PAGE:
3. Keep something in reserve
There is no need to show your ability before everyone.
I think one of my biggest traps before starting therapy last year was the need to be seen as a ‘good’ person and talented at what I do. While I still prefer people to think well of me, I’m now very aware that I cannot control other people’s perceptions. Which is quite liberating.
4. Stand up for what I believe in
Respect is often paid in proportion as it is claimed.
I’ve often said to my kids that people can only treat you the way you allow them to. I’m pleased to say that this year I’ve stood up against racism, bullying, and gaslighting. Hopefully that’s earned me some respect, but it’s generated plenty of self-respect.
5. We’re all in this together
Whatever you may be sure of, be sure of this: that you are dreadfully like other people.
James Russell Lowell
It’s perhaps a funny thing for someone to write who’s approaching the midpoint of his life, but it’s only this year that I’ve really felt that I’m similar to other people. I’m not a special snowflake, other than in the sense that we all are.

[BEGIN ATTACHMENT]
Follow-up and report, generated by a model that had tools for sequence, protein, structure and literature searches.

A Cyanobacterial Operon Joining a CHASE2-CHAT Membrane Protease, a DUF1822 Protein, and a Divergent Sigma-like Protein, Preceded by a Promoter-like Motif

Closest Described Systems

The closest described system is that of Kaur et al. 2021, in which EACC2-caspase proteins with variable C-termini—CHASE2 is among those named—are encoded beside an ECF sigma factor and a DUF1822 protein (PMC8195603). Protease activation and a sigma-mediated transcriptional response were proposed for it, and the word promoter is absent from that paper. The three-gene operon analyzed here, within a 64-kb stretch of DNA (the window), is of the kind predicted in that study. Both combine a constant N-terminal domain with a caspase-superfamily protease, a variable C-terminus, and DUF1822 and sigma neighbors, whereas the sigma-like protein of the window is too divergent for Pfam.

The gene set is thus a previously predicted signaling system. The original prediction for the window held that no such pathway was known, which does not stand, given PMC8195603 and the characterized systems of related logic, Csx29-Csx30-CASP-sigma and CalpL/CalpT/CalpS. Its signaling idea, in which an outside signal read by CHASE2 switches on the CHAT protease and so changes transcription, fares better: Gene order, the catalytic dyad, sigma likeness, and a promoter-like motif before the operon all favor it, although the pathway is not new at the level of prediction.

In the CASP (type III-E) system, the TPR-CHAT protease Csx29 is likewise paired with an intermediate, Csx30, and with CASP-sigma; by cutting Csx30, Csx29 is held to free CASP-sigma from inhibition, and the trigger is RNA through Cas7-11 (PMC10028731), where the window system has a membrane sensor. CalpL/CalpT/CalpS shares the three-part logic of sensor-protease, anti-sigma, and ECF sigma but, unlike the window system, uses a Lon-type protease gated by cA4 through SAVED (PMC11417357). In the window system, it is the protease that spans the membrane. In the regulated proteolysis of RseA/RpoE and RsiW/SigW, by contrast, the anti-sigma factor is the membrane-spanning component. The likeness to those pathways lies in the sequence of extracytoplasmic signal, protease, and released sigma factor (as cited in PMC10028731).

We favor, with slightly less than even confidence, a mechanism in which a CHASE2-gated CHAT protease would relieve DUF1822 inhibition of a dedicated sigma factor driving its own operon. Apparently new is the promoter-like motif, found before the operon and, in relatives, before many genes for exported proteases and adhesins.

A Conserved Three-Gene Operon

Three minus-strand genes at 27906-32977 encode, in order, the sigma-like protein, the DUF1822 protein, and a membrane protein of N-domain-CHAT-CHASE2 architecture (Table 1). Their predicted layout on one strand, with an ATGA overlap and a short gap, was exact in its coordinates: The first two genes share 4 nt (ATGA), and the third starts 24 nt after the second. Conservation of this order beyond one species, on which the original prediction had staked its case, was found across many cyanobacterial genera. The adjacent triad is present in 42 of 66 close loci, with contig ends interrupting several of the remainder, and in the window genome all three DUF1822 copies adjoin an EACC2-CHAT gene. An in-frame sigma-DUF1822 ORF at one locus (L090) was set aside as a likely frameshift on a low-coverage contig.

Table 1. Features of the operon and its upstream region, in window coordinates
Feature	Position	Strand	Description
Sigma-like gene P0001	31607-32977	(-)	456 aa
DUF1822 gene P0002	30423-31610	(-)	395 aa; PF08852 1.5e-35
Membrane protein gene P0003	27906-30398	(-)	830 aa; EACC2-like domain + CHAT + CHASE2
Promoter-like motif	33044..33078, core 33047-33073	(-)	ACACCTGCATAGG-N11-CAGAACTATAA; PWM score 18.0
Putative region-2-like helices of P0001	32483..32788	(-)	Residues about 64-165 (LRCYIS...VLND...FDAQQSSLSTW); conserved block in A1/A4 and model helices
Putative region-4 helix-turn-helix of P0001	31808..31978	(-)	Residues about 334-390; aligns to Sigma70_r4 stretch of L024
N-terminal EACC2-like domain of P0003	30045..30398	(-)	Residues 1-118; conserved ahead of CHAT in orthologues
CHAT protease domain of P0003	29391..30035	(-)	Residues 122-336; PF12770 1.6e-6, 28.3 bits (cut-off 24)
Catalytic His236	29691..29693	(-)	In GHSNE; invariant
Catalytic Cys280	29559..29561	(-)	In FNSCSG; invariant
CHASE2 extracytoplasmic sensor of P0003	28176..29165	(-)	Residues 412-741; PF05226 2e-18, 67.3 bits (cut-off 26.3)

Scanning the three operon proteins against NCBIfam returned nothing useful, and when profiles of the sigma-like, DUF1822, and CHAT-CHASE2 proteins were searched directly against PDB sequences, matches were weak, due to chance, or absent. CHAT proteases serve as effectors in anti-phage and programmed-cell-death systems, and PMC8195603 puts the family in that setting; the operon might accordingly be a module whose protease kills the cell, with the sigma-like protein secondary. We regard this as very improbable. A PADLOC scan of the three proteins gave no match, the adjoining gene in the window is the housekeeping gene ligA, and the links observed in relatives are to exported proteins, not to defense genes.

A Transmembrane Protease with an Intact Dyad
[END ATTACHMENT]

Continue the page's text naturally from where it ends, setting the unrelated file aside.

I’d like to thank the good people at Outlandish for allowing me to work with then during the second half of this year. It’s been an eye-opening experience to work with a well-run tech cooperative that goes out of its way to be inclusive, transparent, and emotionally mature.
Right now, I’m not sure where 2021 will take me. I’ve got some work to dive into immediately in the new year, but beyond that I’ll follow my values and interests.